If you are like most bereaved people, thinking about the future without your loved one is not pleasant. In thinking about the next year, some people shake their head saying, “I don’t want to go there. It’s too difficult to even imagine.”

Perhaps this is an article you’d rather not read. I’m writing it because—and I think you’ll agree—making plans when dealing with a difficult issue is usually better than just letting it happen.

As you can see with the lists below, I’ve put together holidays in one column with a number of suggestions in the other. The suggestions are from bereaved parents, siblings, grandparents, spouses and those who’ve lost parents in response to my question, “What did you do on special days to acknowledge your love one?”

If you’d like, make a copy of this article, look over the suggestions, and place a letter or more in the column of holidays on the left to indicate what you might do on that day. If the list seems overwhelming, just put it aside and perhaps return to it later.

After you finish, consider sharing your results with family members and ask what he or she would like to do.  Whatever you select from this list, choose those activities you feel may give you some comfort.

_____1. New Year’s Day A.    Look at pictures or video and share memories

B.     Visit a special place such as the cemetery or a place with special memories of my loved one.

_____2. My loved one’s birthday C.     Send off balloons

D.    Write a letter to my loved one

_____3. My birthday E.     Set a place for this person at the dinner table. Include a picture.

F.      Watch a favorite movie of my loved one

_____4. The date of the death G.    Do volunteer work with my loved one in mind

H.    Light a candle to burn all day

_____5. Valentine’s Day I.       Fix a special meal or dessert

J.       Plant a tree, a bush or a flower

_____6. Religious Holiday K.    Listen to or sing a favorite song

L.     Smell something that elicits fond memories

_____7. Mother’s Day M.   Tell stories of my loved one

N.    Create an ornament that can be hung on the wall or on a tree

_____8. Memorial Day O.    Buy a special gift and give it away

P.      Read a special book or poem

_____9. Father’s Day Q.    Go to a place where I can shout my loved one’s name as loudly as I want and say, “I LOVE YOU!”

R.     Say a prayer

_____10. July 4th S.      Consider something I’m ready to let go of such as anger or guilt. Build a fire, find a pinecone, and toss it into the fire as a way to begin to “burn up” and “release” my anger or guilt.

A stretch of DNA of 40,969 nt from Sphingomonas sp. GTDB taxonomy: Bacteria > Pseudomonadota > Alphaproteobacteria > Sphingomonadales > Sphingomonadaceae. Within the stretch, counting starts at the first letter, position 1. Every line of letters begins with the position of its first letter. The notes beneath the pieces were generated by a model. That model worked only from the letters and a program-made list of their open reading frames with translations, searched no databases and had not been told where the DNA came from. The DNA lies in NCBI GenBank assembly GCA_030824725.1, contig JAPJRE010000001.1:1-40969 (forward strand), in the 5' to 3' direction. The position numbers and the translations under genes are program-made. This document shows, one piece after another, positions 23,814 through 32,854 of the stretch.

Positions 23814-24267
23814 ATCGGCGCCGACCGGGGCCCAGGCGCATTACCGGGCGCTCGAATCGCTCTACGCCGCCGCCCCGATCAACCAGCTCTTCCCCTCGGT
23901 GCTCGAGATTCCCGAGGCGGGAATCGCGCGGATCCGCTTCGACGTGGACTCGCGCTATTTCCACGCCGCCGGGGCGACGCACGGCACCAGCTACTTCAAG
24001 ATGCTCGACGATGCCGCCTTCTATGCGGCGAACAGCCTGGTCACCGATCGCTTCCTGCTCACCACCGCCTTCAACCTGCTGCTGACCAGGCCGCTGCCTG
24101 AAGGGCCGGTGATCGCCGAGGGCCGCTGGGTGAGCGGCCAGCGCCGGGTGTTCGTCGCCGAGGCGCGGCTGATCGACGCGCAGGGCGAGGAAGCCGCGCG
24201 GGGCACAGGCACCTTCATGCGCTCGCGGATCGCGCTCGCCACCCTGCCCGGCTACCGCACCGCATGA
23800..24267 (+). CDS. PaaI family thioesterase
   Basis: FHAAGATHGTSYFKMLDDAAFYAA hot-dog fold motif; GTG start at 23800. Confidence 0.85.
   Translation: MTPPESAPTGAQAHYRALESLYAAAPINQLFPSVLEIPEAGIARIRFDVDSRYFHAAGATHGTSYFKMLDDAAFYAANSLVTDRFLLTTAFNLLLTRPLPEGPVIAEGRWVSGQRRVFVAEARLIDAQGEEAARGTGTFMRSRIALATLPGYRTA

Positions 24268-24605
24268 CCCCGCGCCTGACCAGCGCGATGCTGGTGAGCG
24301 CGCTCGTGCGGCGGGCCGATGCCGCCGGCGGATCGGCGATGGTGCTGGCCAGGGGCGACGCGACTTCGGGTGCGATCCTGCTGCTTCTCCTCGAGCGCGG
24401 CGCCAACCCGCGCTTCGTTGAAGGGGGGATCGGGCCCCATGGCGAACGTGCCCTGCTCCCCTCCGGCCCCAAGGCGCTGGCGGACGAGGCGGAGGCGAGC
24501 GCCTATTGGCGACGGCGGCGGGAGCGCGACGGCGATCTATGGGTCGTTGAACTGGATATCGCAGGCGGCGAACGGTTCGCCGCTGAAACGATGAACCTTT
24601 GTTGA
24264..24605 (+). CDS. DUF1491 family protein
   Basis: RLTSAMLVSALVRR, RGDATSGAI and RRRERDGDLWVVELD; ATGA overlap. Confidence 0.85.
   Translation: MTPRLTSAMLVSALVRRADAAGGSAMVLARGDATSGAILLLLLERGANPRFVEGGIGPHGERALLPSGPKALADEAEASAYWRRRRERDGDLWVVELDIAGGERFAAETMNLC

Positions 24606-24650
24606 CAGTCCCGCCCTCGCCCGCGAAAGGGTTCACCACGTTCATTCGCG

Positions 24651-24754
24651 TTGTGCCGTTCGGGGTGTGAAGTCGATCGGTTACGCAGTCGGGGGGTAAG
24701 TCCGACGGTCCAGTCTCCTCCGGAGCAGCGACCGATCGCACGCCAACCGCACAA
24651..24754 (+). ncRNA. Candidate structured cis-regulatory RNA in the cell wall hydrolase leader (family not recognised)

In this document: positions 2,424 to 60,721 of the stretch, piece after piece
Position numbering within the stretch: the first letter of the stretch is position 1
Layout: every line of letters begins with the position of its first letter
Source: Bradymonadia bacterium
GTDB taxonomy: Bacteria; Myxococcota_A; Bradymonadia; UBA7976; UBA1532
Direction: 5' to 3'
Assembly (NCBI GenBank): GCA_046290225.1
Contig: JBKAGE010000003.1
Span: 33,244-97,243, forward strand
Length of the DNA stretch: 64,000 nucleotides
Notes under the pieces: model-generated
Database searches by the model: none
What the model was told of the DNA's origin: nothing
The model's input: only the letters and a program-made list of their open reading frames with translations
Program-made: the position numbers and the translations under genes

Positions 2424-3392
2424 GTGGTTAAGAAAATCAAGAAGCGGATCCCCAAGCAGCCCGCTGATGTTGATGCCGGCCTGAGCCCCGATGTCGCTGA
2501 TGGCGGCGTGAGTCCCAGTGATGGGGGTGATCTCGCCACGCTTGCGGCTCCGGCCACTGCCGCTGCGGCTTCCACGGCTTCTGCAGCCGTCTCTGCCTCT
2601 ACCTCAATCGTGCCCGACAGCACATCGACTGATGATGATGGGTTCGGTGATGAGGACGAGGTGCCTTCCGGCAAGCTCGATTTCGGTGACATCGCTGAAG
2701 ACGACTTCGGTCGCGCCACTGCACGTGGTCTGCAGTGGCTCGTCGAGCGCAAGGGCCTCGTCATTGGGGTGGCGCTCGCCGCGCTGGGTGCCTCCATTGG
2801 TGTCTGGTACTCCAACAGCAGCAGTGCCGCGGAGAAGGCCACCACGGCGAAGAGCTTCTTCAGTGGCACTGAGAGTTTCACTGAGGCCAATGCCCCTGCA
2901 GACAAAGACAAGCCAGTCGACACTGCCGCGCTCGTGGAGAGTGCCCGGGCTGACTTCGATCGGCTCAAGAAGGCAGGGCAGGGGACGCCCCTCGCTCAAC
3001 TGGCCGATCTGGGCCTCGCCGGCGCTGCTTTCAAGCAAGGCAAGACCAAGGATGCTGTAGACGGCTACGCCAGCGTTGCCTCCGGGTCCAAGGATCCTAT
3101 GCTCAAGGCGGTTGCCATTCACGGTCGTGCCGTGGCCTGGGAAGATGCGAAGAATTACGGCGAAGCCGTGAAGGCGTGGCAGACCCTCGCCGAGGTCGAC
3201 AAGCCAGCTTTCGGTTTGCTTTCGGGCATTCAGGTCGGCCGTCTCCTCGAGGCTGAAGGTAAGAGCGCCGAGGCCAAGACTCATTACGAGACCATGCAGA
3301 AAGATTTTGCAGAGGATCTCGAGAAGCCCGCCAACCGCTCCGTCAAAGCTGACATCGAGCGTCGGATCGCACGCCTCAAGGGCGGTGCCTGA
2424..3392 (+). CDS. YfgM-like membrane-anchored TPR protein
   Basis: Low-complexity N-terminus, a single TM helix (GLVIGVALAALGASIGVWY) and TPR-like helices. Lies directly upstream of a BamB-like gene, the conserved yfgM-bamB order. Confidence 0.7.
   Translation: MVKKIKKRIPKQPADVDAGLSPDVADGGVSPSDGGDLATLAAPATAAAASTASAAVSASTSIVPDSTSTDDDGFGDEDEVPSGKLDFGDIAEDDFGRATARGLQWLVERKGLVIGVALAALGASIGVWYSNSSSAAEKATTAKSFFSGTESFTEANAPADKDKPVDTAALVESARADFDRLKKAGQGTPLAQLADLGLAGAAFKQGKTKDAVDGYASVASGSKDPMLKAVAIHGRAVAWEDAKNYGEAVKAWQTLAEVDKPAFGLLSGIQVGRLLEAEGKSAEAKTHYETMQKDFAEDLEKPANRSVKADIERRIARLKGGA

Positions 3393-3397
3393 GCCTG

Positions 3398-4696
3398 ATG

_____11. Halloween T.      During a walk find a rock that symbolizes my love for this person
_____12. Thanksgiving U.    Write a list of all things I am thankful for having had this person in my life.

V.    Write a poem, draw a picture, or write a story about how I feel.

_____13. Christmas/Hannukah/Kwanzaa W.   Using my loved one’s clothing, make a quilt.

X.    Go out to dinner.

_____14. Anniversary

_____15. Another special day

Y.    Create a slide show or scrap book of memories of my love one

Z.     Another thing I can do

Bob Baugher, Ph.D., can be reached through his website, www.bobbaugher.com.

Bob Baugher

Bob Baugher, Ph.D., is a Psychology Instructor at Highline Community College in Des Moines, Washington where he teaches courses in Psychology and Death Education. As a trainer for LivingWorks he has trained more than 1,000 people in suicide intervention. He has given more than 600 workshops on grief and loss across the U.S. including England, South Africa, and Namibia. As a professional advisor to the South King County Chapter of The Compassionate Friends, Bob has been invited to speak at many of the TCF national conferences during the past 20 years. He earned a certificate in Thanatology from the Association for Death Education and Counseling and in the 1990s he was a clinician with University of Washington School of Nursing Parent Bereavement Project. Bob has written several articles and seven books on the bereavement process. Reach him at b_kbaugher@yahoo.com. Dr. Baugher appeared on the radio show "Healing the Grieving Heart" with Dr. Gloria & Dr. Heidi Horsley to discuss Coping with Anger and Guilt After a Loss.

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